South Dakota Hall of Famer Charles Trimble dies at 84

Charles “Chuck” Trimble, a 2013 South Dakota Hall of Fame inductee, passed away Tuesday at the age of 84.

Trimble was an enrolled member of the Oglala Sioux Tribe and spent a lot of his distinguished career advocating for American Indian rights.

After graduating high school from Holy Rosary Mission Indian School in Pine Ridge, Trimble, originally from Wanblee, South Dakota, started his college studies at Cameron College in Lawton, Oklahoma. After a few years, Trimble transferred to the University of South Dakota where he received a Bachelor of Fine Arts degree.

He then entered the U.S. Army in 1957 and was honorably discharged in 1960.

After his time in the Army, Trimble began his work in media with specific goals on shedding lights on issues surrounding Indian Policy development and tribal affairs. In 1969, Trimble became the principal founder of the American Indian Press Association. Trimble also served as the organization’s Executive Director until 1972.

Trimble got involved in international affairs for the protection of indigenous rights and human rights. In 1975, he represented U.S. Indian tribes at the charter meeting of the World Council of Indigenous Peoples in Copenhagen, Denmark.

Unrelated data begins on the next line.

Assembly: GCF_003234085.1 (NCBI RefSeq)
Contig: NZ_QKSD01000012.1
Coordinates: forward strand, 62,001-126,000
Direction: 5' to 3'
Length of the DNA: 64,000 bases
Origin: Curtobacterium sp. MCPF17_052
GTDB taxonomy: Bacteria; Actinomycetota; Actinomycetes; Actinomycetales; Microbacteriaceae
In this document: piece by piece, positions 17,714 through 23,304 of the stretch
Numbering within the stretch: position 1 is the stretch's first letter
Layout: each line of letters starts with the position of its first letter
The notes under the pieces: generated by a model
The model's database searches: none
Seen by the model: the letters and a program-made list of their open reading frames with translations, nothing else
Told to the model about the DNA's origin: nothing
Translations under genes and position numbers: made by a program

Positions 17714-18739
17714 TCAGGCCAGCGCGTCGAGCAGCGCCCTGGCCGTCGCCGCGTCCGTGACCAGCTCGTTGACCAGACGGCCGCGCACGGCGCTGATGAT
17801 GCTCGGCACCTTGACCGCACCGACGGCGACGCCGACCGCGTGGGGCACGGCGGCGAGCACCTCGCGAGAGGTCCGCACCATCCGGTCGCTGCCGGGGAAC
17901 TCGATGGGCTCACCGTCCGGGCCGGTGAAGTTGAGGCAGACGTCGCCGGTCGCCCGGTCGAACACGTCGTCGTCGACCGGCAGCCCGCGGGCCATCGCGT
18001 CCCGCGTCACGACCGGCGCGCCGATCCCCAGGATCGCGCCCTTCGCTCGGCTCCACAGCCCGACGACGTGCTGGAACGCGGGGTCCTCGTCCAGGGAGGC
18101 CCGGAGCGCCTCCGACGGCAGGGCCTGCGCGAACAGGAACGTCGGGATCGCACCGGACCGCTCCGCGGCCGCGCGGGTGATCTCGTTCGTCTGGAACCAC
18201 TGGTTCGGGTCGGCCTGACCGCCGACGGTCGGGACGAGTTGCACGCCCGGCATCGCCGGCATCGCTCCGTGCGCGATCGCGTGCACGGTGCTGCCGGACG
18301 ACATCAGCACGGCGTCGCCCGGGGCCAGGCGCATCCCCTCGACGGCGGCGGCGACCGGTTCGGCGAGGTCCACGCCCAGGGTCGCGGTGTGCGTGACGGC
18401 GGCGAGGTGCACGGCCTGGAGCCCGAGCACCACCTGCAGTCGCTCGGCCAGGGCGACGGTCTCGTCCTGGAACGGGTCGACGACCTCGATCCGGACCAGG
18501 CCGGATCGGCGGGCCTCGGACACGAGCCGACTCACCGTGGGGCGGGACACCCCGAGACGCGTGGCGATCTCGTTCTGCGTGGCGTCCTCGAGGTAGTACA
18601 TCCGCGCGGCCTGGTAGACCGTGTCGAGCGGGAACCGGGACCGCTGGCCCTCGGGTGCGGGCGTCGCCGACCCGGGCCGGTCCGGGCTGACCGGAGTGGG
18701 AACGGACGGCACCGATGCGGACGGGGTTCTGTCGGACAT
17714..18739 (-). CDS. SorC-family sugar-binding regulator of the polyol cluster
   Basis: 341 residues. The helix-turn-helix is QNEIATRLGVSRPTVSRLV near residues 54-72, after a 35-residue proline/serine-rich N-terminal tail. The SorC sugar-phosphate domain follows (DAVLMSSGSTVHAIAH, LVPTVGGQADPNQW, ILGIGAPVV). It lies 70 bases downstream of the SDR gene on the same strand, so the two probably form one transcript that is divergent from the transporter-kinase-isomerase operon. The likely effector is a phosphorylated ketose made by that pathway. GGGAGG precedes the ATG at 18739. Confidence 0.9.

In 1983, Trimble served as a U.S. delegate at the U.N. Sub-commission on Prevention of Discrimination and Protection of Minorities in Geneva, Switzerland. Two years later, Trimble was a U.S. delegate to the Human Rights Experts meeting of the Conference on Security and Cooperation in Ottawa, Canada.

Trimble was also heavily involved in obtaining education for Native American students. Aside from being apart of companies that gave leadership workshops in 1999 Trimble, the president of the John G. Neihardt Foundation at the time, established the Institute for Vision and Learning, which is a summer workshop in literature and writing for Native American high school students.

After receiving the Pioneer Award in 1998, Trimble went on to be honored by the University of South Dakota and Cameron University by receiving their Alumni Awards. Trimble also received an honorary Doctorate of Cultural Science degree from Creighton University along with an honorary Doctorate of Humane Letters from Wayne State College and the University of South Dakota.

Trimble published two books with the first coming out in 2008 called “The American Indian Oral History Manual: Making Many Voices Heard”. In 2012, Trimble came out with “Iyeska” which was about American Indian Heritage and is a Dakotah word that translates into “they speak the white” meaning an Indian person who speaks English. It also means “half-breed” in Lakota.

Trimble leaves behind an adoring wife, fanbase, and family members that will always remember his knowledge, humor and love.



Categories: Local News, South Dakota News